Butter Buds, Old Friend

photograph and text by Megan Bedford

When I was a kid, I had a little thing for Butter Buds. My favorite way to enjoy the powdered butter flavoring was sprinkled atop a pile of freshly steamed broccoli. Where usual butter was sure to slither off moist crucifers into a free-ranging plate puddle, Butter Buds would form a neat, protective shield of rich, buttery coating.

I hadn’t thought of Butter Buds for many years, not, in fact, until tonight when I was wolfing down some “dinner for one” pasta I whipped up with farmer’s market broccoli, summer squash, onion, and green garlic. Somehow the combination of these vegetables, which I sautéed with Rosemont Market veggie broth, olive oil, salt, pepper, and tossed with fresh sage, basil, and Pineland Farms feta, elicited the memory of Butter Buds.

I can’t explain how actual vegetables with fresh herbs and cheese managed to taste like “concentrated natural butter flavor produced from enzyme-modified butterfat, spray dried into powdered form with maltodextrin.” However, it’s likely that it had something to do with the “fatty mouthfeel,” and it’s partnership with wet broccoli.

Another application is a breakfast burrito.

Since it only took me five minutes to eat, and I had nothing better to do, I Google stalked Butter Buds. To my surprise, Butter Buds turned out to be the most ridiculously amazing website I’ve seen since the Toto Washlet. It’s a kind of Dr. Evil meets Wisconsin agribusiness. On their website I learned that one pound of Butter Buds yields the flavor strength of 160 pounds of butter. I also learned about a new product: Butter Buds Bacon. (Why isn’t it Bacon Buds?)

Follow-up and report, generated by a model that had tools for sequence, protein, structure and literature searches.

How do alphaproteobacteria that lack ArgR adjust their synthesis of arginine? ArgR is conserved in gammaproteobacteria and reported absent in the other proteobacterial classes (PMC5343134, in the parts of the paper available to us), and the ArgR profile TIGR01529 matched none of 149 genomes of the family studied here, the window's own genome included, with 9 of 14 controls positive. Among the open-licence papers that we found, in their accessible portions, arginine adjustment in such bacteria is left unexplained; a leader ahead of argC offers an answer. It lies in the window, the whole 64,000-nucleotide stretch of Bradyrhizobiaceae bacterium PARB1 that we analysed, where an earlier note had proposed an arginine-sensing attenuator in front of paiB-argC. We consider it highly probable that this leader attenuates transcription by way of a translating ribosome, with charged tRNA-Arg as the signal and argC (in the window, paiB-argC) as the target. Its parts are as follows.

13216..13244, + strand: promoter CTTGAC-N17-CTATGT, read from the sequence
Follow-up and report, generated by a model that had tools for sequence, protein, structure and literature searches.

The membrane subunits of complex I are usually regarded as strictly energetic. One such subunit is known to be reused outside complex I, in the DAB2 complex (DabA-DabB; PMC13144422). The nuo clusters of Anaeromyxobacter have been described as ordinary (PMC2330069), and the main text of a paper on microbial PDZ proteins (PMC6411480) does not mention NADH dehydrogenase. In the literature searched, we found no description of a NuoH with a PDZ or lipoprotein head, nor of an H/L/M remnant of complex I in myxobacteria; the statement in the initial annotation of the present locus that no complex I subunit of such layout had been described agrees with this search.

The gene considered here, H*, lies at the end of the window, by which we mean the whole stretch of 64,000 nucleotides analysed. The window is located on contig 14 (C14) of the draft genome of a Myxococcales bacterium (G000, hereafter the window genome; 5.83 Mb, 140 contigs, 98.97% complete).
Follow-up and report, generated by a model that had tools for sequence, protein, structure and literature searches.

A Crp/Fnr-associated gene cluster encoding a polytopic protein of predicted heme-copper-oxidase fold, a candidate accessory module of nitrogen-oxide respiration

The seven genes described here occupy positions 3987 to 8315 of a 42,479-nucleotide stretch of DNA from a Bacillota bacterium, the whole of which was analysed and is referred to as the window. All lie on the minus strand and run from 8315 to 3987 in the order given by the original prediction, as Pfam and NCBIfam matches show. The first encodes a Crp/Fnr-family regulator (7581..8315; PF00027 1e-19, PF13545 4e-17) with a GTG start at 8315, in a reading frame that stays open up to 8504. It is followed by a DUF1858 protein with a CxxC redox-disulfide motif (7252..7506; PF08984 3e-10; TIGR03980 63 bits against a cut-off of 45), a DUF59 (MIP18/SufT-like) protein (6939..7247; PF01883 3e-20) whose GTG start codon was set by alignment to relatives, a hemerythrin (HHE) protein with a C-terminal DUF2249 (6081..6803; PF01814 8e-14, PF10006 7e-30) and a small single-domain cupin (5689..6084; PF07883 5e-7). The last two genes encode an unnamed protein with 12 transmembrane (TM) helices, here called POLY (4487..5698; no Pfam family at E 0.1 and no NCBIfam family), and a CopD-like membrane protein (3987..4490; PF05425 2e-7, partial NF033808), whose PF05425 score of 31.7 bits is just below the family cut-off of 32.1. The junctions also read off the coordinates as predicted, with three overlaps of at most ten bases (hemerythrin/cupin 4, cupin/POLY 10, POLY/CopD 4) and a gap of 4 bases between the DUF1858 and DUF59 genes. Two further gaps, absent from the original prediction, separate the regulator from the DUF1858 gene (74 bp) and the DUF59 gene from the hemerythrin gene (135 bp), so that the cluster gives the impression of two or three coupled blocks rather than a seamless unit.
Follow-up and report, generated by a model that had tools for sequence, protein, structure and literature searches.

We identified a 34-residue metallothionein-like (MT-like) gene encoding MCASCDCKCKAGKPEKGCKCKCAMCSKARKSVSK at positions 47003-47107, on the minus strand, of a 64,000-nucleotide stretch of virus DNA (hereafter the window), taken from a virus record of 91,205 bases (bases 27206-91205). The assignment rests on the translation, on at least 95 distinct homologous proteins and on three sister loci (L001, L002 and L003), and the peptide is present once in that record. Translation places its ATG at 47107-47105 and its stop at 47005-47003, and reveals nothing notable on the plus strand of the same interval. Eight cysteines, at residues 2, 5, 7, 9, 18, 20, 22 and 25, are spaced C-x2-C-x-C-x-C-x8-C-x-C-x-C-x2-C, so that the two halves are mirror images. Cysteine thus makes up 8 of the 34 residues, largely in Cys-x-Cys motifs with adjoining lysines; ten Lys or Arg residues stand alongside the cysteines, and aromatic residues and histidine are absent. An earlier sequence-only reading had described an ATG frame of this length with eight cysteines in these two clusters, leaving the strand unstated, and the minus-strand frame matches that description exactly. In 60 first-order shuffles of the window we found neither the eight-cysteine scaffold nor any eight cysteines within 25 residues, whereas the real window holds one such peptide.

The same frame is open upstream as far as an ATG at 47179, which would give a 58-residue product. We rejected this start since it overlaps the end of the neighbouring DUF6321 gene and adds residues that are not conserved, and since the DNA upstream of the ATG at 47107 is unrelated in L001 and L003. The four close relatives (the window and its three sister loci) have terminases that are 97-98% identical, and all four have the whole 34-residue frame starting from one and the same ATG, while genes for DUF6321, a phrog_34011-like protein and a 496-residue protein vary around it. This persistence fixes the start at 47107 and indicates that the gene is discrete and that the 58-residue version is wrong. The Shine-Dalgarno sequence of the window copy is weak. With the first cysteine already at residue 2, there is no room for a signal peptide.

In any case, their press release on the subject reads as follows: Butter Buds Bacon is making a splash in the market with customers using the all-natural, vegan bacon flavoring in soups, seasonings, and sauces including a “healthy marinara” sauce. Another application is a breakfast burrito. Butter Buds Food Ingredients has recipes for other delicious, bacon flavored applications.

Making a splash indeed! I can think of many applications for such a commodity. But it’s getting late, and I should get back to reality. In any event, I am thankful for my delicious pasta made of actual ingredients, however lacking in scientific enhancements, and that they reminded me of my 9-year-old self, who took great pleasure in crusting up a plate of steamed broccoli with dehydrated butter. Those were some of my first steps down the road to culinary obsession.